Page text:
“During times of universal deceit, telling the truth becomes a revolutionary act.” George Orwell

Tuesday, December 10, 2013

Mandella on love

"No one is born hating another person because of the color of his skin, or his background, or his religion. People must learn to hate, and if they can learn to hate, they can be taught to love, for love comes more naturally to the human heart than its opposite." Nelson Mandella

This is a profound statement of how human beings were intended to be. I heard a pastor recently talk about how people excuse themselves when they do not love their neighbor saying, "I'm only human" or something to that effect. His point was that Jesus was the only person who was truly human in that we were meant to live a sinless life and love our neighbor.  When I love my neighbor, I am acting in what should be the natural way for me to act because it is the way I was intended to be. For me, it feels right when I do what is right. It feels right when I show love to others.  Perhaps this is in reaction to the inbred nature that I have as a human being. Clearly, I do not do what I should do, but when I do, the feeling of rightness might be an indication of me touching what I was intended to be.

This is what Mandela seems to be implying by his statement.  If you agreed with the above, you would think love would come more naturally to people because God intended us to love, not to hate. Hate is unnatural. The fact that it is too often the choice does not diminish the fact that it is unnatural.


Sunday, December 01, 2013

"O Holy Night"

Every year, my daughter and I text each other when we have heard O Holy Night for the first time.  This year for me, I heard it in a small, basically empty Thai restaurant where Kathi and I were eating.
But today was the real deal in that we sang it in church.  Both times I texted Ames to tell her.  To date, she hasn't heard it yet.  But it signals the real beginning of the Christmas season for us.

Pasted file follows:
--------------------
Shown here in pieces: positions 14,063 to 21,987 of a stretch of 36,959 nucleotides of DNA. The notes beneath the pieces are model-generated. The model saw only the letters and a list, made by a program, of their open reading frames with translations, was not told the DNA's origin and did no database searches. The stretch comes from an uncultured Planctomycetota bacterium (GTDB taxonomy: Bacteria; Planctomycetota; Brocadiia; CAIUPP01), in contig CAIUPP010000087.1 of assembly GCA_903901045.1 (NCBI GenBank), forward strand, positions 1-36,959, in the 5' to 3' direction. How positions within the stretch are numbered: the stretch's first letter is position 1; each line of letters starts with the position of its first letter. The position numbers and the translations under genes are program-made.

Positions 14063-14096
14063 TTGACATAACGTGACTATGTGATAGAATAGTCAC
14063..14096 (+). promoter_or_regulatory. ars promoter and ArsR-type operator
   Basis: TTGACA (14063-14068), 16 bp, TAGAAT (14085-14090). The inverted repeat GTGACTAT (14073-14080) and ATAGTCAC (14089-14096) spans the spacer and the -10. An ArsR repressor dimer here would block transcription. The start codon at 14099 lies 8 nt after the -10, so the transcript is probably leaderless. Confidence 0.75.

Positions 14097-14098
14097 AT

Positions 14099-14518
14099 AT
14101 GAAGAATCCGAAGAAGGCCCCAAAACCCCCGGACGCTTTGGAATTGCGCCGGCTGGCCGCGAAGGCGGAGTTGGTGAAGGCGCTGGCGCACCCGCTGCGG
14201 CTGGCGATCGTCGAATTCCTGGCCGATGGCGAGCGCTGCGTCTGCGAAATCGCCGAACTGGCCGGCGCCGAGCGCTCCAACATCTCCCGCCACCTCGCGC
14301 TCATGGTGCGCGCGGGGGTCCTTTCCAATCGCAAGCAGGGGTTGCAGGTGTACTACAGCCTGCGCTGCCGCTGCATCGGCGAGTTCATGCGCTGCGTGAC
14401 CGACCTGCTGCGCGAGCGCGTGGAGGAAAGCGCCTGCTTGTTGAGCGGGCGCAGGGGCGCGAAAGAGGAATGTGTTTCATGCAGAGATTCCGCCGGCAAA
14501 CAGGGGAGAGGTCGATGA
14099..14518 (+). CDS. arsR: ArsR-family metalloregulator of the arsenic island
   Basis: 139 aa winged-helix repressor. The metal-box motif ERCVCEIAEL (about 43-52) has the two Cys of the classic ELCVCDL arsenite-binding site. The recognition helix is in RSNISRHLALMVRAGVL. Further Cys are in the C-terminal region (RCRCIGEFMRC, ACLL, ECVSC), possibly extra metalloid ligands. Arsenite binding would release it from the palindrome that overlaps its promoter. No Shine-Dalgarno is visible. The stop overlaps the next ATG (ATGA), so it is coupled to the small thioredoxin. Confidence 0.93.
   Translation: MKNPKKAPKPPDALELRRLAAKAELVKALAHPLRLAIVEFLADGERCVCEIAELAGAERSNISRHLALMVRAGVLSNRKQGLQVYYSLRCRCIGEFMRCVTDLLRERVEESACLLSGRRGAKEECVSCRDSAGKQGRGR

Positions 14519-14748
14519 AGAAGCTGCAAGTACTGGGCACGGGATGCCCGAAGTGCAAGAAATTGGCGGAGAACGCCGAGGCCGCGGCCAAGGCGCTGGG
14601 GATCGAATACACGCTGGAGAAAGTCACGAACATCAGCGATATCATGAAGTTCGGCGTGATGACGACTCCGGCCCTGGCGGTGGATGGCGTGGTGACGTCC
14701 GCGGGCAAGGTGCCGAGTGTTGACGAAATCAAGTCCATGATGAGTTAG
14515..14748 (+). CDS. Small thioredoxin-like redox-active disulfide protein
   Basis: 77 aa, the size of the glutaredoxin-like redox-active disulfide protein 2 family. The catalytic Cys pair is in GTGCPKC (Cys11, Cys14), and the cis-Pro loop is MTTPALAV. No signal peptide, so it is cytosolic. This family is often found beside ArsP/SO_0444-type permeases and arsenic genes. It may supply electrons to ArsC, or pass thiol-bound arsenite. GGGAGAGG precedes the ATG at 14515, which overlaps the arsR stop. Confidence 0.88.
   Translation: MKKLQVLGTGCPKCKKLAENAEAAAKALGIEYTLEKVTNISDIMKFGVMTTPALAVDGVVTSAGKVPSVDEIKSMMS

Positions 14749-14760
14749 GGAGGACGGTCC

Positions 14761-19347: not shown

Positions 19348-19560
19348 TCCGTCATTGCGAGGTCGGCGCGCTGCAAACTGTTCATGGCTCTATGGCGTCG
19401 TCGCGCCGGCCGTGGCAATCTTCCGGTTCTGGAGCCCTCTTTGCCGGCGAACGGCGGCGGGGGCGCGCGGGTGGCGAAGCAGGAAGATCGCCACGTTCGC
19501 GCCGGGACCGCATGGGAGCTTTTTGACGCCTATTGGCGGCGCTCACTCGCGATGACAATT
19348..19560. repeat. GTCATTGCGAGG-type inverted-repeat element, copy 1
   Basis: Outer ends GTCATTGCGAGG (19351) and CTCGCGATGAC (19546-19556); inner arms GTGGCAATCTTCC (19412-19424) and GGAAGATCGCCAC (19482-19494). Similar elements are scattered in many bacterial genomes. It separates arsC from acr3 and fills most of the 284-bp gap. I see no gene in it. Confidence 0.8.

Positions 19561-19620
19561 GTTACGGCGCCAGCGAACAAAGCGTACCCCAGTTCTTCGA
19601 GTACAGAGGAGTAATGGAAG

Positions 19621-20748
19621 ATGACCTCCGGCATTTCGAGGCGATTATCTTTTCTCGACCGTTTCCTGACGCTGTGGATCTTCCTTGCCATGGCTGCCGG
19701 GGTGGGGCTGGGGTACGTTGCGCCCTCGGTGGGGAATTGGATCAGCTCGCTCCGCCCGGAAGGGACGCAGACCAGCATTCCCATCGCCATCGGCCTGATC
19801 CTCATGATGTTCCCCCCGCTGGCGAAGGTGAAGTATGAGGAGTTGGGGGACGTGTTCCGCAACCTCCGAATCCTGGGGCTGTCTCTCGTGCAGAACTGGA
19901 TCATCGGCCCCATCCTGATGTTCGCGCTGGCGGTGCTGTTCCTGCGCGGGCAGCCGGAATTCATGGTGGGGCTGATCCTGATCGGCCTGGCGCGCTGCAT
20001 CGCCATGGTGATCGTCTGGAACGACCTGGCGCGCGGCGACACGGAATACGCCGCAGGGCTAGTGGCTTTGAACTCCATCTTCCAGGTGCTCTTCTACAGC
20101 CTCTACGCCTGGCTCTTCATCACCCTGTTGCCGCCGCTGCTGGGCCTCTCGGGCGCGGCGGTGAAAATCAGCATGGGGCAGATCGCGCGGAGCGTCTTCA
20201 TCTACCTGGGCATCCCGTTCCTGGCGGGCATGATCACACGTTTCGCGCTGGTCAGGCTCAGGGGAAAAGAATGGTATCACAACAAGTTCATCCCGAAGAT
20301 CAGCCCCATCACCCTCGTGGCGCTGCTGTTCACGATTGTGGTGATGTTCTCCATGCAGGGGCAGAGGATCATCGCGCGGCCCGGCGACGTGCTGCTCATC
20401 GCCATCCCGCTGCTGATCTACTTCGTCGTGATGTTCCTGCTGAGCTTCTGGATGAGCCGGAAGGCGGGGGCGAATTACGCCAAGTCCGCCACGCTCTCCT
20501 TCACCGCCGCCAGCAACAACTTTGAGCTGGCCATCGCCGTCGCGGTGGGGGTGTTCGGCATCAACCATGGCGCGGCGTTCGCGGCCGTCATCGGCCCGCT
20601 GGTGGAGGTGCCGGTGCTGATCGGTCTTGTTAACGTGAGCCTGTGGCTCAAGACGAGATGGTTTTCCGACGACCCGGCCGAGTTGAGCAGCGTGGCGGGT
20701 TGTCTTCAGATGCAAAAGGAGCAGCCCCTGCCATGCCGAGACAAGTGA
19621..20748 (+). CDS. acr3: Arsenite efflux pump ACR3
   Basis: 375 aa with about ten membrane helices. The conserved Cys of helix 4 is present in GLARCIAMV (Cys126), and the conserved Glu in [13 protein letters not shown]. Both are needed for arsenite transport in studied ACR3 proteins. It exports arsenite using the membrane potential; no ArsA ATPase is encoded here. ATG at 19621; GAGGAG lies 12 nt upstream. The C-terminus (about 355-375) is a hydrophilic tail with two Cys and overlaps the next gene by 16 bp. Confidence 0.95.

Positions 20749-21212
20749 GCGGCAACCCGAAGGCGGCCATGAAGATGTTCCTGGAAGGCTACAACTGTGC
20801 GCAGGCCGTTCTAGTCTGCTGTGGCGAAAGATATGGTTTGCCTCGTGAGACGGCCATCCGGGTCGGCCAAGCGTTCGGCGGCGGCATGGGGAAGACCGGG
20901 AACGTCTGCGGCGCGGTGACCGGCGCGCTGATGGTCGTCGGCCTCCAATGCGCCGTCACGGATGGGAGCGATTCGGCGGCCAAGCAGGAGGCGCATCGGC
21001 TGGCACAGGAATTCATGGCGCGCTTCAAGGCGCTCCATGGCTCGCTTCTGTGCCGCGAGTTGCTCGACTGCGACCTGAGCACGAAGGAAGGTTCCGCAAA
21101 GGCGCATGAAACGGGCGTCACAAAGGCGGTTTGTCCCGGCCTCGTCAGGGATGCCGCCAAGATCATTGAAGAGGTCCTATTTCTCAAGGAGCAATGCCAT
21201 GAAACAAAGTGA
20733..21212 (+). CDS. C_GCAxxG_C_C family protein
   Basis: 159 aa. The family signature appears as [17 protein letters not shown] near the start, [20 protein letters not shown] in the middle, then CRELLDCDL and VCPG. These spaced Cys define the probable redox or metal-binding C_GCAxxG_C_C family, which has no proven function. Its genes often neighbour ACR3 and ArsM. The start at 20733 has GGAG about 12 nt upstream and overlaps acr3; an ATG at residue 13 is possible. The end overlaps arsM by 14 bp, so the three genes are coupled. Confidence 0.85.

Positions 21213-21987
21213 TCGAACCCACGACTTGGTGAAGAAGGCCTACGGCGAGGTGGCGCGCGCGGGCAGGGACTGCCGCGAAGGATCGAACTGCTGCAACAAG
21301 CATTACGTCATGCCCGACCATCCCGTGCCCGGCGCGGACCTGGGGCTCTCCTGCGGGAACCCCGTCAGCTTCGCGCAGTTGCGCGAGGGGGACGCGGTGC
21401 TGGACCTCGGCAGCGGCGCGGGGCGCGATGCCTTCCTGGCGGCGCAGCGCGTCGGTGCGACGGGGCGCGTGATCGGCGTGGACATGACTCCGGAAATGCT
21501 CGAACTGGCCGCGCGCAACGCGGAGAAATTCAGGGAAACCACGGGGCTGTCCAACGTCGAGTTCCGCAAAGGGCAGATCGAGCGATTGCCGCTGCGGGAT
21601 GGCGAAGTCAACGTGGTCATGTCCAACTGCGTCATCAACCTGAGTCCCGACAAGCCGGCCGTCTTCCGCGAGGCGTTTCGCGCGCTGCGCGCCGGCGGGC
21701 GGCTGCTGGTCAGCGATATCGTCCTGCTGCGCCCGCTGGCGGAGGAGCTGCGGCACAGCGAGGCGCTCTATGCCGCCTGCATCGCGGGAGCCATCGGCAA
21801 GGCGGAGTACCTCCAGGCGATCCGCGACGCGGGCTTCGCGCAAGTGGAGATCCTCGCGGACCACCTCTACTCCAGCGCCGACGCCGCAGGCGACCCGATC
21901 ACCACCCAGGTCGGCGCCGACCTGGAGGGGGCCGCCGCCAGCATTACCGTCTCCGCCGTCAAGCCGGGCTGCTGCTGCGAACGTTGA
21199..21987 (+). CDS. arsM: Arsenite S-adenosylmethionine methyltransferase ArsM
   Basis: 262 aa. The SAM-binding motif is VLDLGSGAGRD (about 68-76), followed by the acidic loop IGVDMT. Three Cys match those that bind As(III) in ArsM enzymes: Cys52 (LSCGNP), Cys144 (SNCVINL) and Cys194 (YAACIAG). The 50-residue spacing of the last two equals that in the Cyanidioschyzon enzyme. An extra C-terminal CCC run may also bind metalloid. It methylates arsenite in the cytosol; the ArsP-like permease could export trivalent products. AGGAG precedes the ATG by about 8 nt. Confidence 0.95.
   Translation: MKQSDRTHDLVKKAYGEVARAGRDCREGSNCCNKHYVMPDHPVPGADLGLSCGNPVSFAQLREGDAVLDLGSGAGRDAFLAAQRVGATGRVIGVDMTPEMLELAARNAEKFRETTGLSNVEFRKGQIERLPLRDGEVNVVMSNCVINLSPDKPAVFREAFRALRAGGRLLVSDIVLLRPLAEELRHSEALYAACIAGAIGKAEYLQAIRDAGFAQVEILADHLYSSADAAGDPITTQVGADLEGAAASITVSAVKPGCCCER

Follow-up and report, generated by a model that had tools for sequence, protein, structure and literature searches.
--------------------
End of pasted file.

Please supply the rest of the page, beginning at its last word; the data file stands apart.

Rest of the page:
The lyric that is particularly powerful for us, is this one.
Truly He taught us to love one another
His law is love and His gospel is peace
Chains shall He break for the slave is our brother
And in His name all oppression shall cease
Sweet hymns of joy in grateful chorus raise we,
Let all within us praise His holy name

In His name all oppression shall cease. That goes along with the earlier verse that says
Long lay the world in sin and error pining till He appear and the soul felt its worth
This song is so powerful because it demonstrates how valuable people are to God and the ends to which he will go to save them.  In a nutshell, people are exceedingly valuable and the birth of Christ is proof of their value to God. Additionally, if they are so valuable, it will be in HIS name that all oppression shall cease.

So to whom should people affected by disabilities look to see relief from oppression? I would agree with the song that it is those who worship Jesus, who follow Christ who should be the ones who make oppression in any form cease.  He taught us to love one another and through His life and death demonstrated the worth of people. People should feel compelled to look to the Christian church for relief from oppression. If they can't find it there, where then can they go?

We cannot be the ones who disappoint people about their value, their worth. We must be the place were people do not experience any form of oppression.  We need to be the place where they feel love, worth, peace, brotherhood. In particular, this should be the place where people with impairments feel that expression. We need to be a bastion of safety and value for them in an oppressive world.

Remember these things, please, as you sing this song this Christmas. In your heart, "fall on your knees" and both worship and demonstrate your belief that all people have incredible worth.

God bless,